The underappreciated tire gives you performance and comfort, with your life suspended on a mere 25 pounds of rubber and air
By guest writer Joel Levin, New Jersey Newspaper Group
About 15 years ago, I noticed a telephone installer circumnavigating his truck before driving away. I asked what he was doing. “Checking for hazards and obstacles,” he said.
By forcing yourself to add ten seconds to your trip by walking around your car, you also will never back over a cat or hit a child bending down to pick up a rolling ball.
Since then, I have always walked around my vehicle before driving off. Yes, even if that’s ten times a day.
I always check each tire for visible softness or damage EVERY time I get into a car. In the case described below, I had checked before leaving a parking lot, and then because of the danger involved in walking across a heavily-trafficked roadway, drove just across the street to another parking lot.
I parked, conducted my business, and returned to the car. My habitual walk around revealed that a huge nail had somehow made its way through the meatiest part of the tire in the last hundred yards that I had driven.
How could a six-inch spike have punctured the tread from inner to outer side? A misfiring nail gun? Whatever the cause, the reality was that somehow it happened, and the right rear tire had been pierced by a big, scary sharp piece of metal.
I reached into my always-well-stocked trunk and grabbed a Vise-Grip, a slip-joint pliers, and a hammer. With some precision manipulation and coaxing, I successfully extracted the offending nail. The tire then functioned perfectly. It had appeared to be fatal — I was expecting a bleed-out — but it was only a flesh wound in the beefy part of the tread.
One moral of this story is that if I had not taken a look before driving off, the tire might have been torn apart during the next few miles of driving. But I felt in awe at just how good today’s tires can be.
Beware of the Pothole Monster
We ask a lot of our tires:
- They transport valuable human cargo at speeds exceeding a mile-a-minute
- Each one supports over a thousand pounds in the average passenger vehicle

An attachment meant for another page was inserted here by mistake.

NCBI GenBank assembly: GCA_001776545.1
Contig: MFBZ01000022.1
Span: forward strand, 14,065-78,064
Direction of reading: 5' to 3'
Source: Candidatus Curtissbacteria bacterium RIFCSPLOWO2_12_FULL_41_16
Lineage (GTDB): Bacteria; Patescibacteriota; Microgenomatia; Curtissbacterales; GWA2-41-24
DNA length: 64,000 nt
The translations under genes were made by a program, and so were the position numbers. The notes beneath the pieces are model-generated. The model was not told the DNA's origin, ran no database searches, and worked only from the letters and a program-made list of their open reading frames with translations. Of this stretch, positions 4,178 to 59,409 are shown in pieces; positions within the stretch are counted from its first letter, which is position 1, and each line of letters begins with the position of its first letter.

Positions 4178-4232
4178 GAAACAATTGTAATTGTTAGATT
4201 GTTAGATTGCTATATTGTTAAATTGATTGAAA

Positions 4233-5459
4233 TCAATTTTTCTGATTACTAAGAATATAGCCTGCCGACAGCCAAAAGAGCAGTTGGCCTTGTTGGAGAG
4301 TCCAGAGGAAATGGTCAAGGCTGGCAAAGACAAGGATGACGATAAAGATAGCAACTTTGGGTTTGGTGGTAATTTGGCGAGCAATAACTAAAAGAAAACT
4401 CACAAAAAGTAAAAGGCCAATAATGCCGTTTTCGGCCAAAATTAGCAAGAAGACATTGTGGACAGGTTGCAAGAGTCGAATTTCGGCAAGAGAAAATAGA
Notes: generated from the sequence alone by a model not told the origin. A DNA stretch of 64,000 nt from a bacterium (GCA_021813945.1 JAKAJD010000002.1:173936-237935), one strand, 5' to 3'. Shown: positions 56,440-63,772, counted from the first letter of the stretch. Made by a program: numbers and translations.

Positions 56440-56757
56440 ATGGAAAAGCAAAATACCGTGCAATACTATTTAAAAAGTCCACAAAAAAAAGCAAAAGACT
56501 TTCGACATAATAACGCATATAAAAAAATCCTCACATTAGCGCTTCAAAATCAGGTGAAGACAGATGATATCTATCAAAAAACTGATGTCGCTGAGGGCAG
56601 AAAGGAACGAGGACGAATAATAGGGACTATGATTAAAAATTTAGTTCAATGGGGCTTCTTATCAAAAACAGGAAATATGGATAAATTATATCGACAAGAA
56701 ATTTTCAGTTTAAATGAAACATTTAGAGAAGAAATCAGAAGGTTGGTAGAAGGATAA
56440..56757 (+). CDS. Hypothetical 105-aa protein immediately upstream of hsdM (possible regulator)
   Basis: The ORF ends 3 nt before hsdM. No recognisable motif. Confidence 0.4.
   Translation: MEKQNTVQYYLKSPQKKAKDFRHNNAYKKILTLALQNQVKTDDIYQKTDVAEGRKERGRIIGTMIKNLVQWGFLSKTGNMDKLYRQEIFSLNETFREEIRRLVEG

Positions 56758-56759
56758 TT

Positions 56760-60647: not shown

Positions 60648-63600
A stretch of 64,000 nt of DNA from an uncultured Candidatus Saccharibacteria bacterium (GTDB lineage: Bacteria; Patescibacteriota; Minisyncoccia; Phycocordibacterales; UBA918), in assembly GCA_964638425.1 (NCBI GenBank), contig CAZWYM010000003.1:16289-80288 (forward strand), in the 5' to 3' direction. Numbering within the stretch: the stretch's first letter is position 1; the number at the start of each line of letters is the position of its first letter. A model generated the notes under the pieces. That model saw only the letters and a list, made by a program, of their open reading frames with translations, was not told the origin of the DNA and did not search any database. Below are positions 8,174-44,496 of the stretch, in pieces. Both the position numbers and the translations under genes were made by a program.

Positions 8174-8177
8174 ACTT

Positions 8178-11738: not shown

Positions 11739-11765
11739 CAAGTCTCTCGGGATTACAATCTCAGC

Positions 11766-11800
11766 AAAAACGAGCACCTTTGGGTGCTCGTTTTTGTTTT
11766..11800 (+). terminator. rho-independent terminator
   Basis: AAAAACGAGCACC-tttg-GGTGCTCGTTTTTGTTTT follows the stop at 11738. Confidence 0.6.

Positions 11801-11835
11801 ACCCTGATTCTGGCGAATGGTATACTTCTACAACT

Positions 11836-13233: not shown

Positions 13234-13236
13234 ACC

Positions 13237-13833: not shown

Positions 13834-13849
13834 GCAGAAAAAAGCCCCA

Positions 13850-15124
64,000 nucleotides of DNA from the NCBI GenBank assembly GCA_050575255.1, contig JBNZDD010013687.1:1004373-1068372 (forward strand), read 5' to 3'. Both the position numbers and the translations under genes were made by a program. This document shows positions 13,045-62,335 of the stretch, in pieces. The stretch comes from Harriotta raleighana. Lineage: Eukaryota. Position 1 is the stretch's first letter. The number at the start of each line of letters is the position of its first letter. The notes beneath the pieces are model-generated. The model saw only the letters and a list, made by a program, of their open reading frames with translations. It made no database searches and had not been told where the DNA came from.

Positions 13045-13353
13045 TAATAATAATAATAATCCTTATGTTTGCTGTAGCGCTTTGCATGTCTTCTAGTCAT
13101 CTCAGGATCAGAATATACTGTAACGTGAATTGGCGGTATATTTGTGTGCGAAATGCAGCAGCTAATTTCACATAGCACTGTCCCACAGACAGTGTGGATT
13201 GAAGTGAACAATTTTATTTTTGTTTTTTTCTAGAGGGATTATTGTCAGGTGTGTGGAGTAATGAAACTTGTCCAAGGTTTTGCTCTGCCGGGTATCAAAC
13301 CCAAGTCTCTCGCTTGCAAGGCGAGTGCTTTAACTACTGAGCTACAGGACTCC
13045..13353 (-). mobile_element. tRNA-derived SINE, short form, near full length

- All year, they steer us accurately through curves and snow
- They never complain when they suffer bumps and twists
- Every time-driven, tires undergo rapid acceleration and deceleration
- Daily, they hit curbs and speed bumps without shedding a tear
Then there’s Public Enemy Number One—the hated, one-eyed, tire-eating Pothole Monster lying in wait to ambush tires and suspensions.
Tires have come a long way in the 100+ years since the original skinny tires and rims modeled after wooden-spoke wagon wheels.
In the 1950s, flats were a weekly occurrence. Now, consumers can buy specialty tires rated for mud and snow traction, extreme off-road rock climbing, or even 200-mph speeds.
Computer design helps makers optimize tire design to minimize hydroplaning, increase mileage, avoid brittleness in frigid temperatures, and provide a cushiony ride for touring.
Technology has spared us the anxiety of worrying about tire safety, but be warned—always carry an inflated spare!
If your vehicle came without a spare, throw one in the trunk if you plan on venturing beyond AAA towing range. And because you can’t choose whether to have a breakdown in your neighborhood or on the way to grandma’s out-of-state home, spend the few extra bucks for 100-mile or 200-mile towing.
Wakeup Call: This Could Happen To You
About a year ago, three good tires on my daily chariot were destroyed beyond repair in three separate incidents, and all from road hazards that gave no warning.
Each time, the failure was caused by practically-invisible damage to a sidewall, a tire’s Achilles heel. Three times in two months is a statistical rarity, but unfortunately, I proved to myself that it can happen.
Then, this winter, disaster struck again, with a BANG! A small, sharp-edged road lesion just 15 yards from my driveway bit through the sidewall of a beautiful expensive tire 600 miles young. Yes, another sidewall sob story. That mini-crater, not deep enough to call a pothole, was chipped out by a snowplow during the day’s storm. [I deleted “damage” five words back.]
Tire tread, the grooved part that contacts pavement, is pretty forgiving and repairable, but even a tiny cut or puncture in a sidewall will render the tire unusable and unsalvageable and will leave you stranded.
I am now compelled to issue you a warning: